by Ken Minster, Nevada News Bureau: The chief justice of Texas’ Supreme Court said at a forum last week that he supported a ballot measure before Nevada voters to change the way judges are chosen. A legal scholar from Vanderbilt University argued against the measure at the same forum, held at the Boyd School of Law on the campus of UNLV.
Both brought unique perspectives. Texas is a state that elects its judges who collect campaign donations from those who may appear before them creating bright-line conflicts-of-interest.
Vanderbilt’s Brian T. Fitzpatrick is from Tennessee, a state that uses “merit” selection similar to one that Nevada voters are considering. In Tennessee the merit system has come under fire for creating a system of cronyism and giving voters too little say.
Changing the way Nevada chooses its judges would mean that judgeships would almost assuredly become lifetime appointments, according to Fitzgerald.
“It’s hard to lose a race when you have no opponent,” Fitzgerald said. “The retention rate is 99% if you look all across America. For us…it means that whoever the governor tells to put on the bench is going to be there for as long as they want to be there. It is basically a life tenure for the judges selected by the bar.”
Texas’ Chief Justice Wallace Jefferson argued that a merit system would be better because of the influence campaign contributions have in judicial races.
It comes down to “the money,” Jefferson said.
“We’re talking millions and millions of dollars,” Jefferson said. “From 1999-2006, the candidates in Alabama raised $9,090,388 for State Supreme Court elections. Texas was over $3,000,000.”
The merit system before voters – Nevada Ballot Question Number 1 – roughly entails three tenets.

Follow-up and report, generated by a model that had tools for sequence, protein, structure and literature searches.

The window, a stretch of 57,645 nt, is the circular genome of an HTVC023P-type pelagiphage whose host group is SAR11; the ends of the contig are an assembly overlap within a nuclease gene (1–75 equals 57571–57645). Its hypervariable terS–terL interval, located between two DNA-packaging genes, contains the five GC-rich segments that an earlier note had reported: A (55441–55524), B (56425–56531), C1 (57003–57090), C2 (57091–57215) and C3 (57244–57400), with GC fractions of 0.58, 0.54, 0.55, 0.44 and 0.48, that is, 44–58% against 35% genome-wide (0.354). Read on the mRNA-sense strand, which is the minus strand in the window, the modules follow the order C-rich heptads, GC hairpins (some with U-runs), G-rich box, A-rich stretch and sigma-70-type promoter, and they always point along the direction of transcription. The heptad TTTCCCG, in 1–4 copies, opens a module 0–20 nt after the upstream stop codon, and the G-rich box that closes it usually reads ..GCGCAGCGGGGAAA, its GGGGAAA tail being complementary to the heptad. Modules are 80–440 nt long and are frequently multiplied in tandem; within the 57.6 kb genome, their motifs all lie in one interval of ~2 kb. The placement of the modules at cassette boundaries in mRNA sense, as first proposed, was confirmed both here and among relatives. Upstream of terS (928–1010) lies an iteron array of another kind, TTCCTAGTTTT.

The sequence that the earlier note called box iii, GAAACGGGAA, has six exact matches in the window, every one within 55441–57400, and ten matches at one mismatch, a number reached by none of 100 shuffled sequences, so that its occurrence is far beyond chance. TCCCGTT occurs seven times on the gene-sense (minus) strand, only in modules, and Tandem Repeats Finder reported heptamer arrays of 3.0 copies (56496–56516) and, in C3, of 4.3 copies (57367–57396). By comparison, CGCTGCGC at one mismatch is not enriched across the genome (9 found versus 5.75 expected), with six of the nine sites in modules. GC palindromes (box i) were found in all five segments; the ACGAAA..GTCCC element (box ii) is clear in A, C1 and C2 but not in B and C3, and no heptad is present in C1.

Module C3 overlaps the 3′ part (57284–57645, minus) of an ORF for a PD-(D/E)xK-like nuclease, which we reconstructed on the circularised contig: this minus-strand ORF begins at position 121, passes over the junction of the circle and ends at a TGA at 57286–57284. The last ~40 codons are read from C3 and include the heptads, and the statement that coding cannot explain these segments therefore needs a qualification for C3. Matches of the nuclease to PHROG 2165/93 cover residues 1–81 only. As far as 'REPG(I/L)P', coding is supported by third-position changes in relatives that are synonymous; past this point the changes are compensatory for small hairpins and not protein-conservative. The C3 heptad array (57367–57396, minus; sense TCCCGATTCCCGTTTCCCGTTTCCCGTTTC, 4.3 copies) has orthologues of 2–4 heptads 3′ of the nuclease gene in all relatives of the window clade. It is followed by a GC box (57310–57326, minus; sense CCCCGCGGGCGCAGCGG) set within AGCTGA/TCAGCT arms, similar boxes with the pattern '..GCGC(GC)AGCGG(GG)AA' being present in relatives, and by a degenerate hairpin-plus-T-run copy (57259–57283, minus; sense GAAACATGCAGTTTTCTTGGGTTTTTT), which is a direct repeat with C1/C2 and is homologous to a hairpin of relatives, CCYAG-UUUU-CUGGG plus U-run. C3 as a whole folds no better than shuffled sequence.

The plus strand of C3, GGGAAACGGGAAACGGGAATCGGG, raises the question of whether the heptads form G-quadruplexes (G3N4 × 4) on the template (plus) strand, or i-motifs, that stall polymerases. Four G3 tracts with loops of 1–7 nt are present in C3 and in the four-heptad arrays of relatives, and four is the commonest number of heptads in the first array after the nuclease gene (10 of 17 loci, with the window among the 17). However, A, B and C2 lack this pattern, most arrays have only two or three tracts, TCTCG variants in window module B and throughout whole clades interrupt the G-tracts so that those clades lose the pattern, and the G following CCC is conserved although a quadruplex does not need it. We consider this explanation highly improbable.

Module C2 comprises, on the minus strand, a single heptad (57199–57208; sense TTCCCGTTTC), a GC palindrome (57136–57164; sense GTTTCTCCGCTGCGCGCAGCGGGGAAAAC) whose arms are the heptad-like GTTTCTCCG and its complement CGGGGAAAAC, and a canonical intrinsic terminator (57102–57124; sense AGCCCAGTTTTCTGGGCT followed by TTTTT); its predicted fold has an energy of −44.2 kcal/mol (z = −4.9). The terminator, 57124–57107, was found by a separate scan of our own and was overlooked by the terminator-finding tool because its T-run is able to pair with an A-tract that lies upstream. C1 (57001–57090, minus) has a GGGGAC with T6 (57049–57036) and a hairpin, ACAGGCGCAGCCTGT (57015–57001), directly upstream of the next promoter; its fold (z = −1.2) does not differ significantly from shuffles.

If there is a vacancy in a Supreme or District Courts, candidates will submit their names to the Commission on Judicial Selection who will review those names based on their experience and impartiality.
The Commission then submits them for approval to the public and to the governor for appointment. This probationary appointment lasts until the next general election.
It goes on to say: “Justices and judges seeking another term would be evaluated based on their record by the newly created Commission on Judicial Performance, which would consist of the Chief Justice of the Nevada Supreme Court and equal numbers of attorneys and non-attorneys.”
This report by the C.J.P. would be available to the public at least 6 weeks before the election for review.
The vote would be a “retention referendum” or “Yes/No” question as to whether to retain the judge.
While the current system is not perfect, Fitzgerald said, there are better approaches than this for Nevada voters.
Longer terms, public financing, appointments like the federal system and anonymous campaign contributions would help alleviate voter complacency and judicial bias, he said.
One example: “I have a friend who is a judge in another state; he gets a report from the bank on how much money is in his account,” Fitzgerald said. “He’s not allowed to know [who gave it].”
Jefferson, however, cited massive voter complacency in judicial races as a reason to allow for first-term appointments.
He described how voters tossed out an overwhelming number of good judges in 2006 because of the whims of voters.
“Was it because they were bad judges?” he asked. “Was it because they were unethical or lazy or inefficient? No, they lost because in 2006 Dallas County turned Democrat.”
The UNLV Federalist Society hosted the debate.
“While the current system isn’t perfect, the solution to improve the way we elect judges in Nevada is not to remove the public from the election process and replace it with those who supposedly know better,” Federalist Society President Jason VanMeetren said. “Instead, a better solution would be to find ways to better engage the public and inform the electorate about who they are voting for.”
Disclosure: Jason VanMeetren is married to Karri VanMeetren who is a Nevada News Bureau executive board member.
Fitzpatrick worries the public will not be represented in a merit selection system, rather lawyers:
Fitzpatrick argues incumbency would be a problem in merit system’s “yes/no” vote:
Fitzpatrick cites 99% retention rate in judicial merit votes:
Jefferson expresses concern that popular elections do not guarantee a judge’s merit:
Jefferson says the public does not have enough information to be informed in their vote:
Jefferson decries current political volleying for judicial positions as “illogical”:
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